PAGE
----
Former Los Angeles County Sheriff Lee Baca was convicted Wednesday of obstructing an FBI investigation into corrupt and violent guards who took bribes to smuggle contraband into the jails he ran and savagely beat inmates.
The trial cast a dark shadow over a distinguished 50-year law enforcement career that abruptly ended with his 2014 resignation from the nation’s largest sheriff’s department as the corruption investigation spread from rank-and-file deputies to his inner circle.
In addition to tarnishing his reputation as a policing innovator and jail reformer, the case threatens to put Baca, 74, who is in the early stages of Alzheimer’s disease, behind bars for up to 20 years.
“I am a faith-based person. My mentality is always optimistic,” Baca said outside court. “I look forward to winning on appeal.”
He was not in custody ahead of a Monday hearing to discuss his sentence for obstruction of justice, conspiring to hinder the probe and lying to investigators.
Baca appeared to have escaped the fate of more than a dozen underlings indicted by federal prosecutors until a year ago, when he pleaded guilty to a single count of making false statements to federal authorities about what role he played in efforts to thwart the FBI.
A deal with prosecutors called for a sentence no greater than six months. When a judge rejected that as too lenient, Baca withdrew his guilty plea and prosecutors hit him with two additional charges of conspiracy and obstruction of justice.
A jury last year deadlocked 11-1 in favor of acquittal on just the obstruction and conspiracy counts. Prosecutors then refiled the case.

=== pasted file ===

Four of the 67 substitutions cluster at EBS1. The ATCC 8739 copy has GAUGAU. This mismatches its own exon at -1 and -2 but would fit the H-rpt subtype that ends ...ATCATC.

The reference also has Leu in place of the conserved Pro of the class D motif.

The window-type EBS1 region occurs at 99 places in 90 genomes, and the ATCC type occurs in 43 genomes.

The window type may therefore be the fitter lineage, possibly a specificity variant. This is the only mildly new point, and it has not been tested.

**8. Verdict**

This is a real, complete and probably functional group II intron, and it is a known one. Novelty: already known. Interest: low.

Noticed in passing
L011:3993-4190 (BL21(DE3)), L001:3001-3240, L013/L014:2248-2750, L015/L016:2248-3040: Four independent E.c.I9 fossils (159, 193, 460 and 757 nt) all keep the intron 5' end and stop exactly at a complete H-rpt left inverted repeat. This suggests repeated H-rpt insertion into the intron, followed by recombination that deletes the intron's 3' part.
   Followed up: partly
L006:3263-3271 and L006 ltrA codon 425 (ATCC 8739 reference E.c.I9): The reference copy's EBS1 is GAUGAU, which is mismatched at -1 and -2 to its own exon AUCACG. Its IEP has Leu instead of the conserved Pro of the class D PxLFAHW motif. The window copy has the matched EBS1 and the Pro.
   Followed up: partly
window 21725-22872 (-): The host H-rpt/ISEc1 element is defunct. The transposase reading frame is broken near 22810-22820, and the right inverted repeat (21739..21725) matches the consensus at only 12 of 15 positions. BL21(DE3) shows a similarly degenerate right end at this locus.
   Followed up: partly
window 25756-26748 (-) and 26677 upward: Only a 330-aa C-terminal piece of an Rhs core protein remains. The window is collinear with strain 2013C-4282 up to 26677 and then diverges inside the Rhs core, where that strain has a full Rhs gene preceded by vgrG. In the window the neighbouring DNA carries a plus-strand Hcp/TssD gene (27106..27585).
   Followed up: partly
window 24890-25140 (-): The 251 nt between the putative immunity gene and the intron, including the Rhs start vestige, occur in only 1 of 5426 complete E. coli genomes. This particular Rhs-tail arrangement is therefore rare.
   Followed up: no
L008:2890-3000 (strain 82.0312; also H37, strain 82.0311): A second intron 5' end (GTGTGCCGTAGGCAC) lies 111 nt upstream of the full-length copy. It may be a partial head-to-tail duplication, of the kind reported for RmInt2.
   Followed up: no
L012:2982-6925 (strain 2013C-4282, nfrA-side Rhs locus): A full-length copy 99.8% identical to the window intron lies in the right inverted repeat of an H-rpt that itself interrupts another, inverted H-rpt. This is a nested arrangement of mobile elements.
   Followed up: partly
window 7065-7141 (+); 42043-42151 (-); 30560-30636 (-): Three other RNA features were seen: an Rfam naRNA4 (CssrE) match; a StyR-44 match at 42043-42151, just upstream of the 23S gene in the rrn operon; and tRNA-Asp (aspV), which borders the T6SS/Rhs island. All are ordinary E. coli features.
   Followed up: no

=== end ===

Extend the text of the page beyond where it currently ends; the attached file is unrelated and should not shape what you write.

The federal probe began in 2011 when Baca’s jail guards discovered an inmate with a contraband cellphone was acting as an FBI mole to record jail beatings and report what he witnessed.
Word quickly reached Baca, who convened a group to derail the investigation and ferret out more about what the FBI was focused on, prosecutors said.
“He lied to cover up his crimes,” Acting U.S. Attorney Sandra R. Brown said after Baca’s conviction.
His subordinates hid the FBI informant from federal agents by moving him between different jails and booking him under fake names. Other department members tried to intimidate his FBI handler by threatening to arrest her.
Defense attorney Nathan Hochman didn’t dispute those facts but told jurors that prosecutors had presented no evidence Baca gave orders to obstruct the FBI.
Hochman was frustrated in efforts to present evidence of Baca’s diagnosis of Alzheimer’s.
There was no evidence Baca suffered from the condition during efforts to impede the FBI in 2011, and Judge Percy Anderson said mention of it could harm the prosecution by swaying jurors to sympathize with the ailing former lawman and was speculative.
The issue might have arisen if Baca testified, but he sat silent throughout the proceedings.
Hochman only vaguely hinted at the issue, reminding jurors that Baca was 71 at the time of his interview with prosecutors and wasn’t lying but had forgotten details.
“The jury is only as good as the evidence it gets to consider,” Hochman said outside court. “Here the jury did not get to consider all the evidence, but the appellate court will. We look forward to prevailing on appeal.”
Outside court, Baca thanked his legal team, his wife and his friends and supporters.
“It’s just a privilege to be alive,” said Baca, who headed the sheriff’s department for 15 years before his resignation. “I feel good.”
Associated Press writer Andrew Dalton contributed to this story.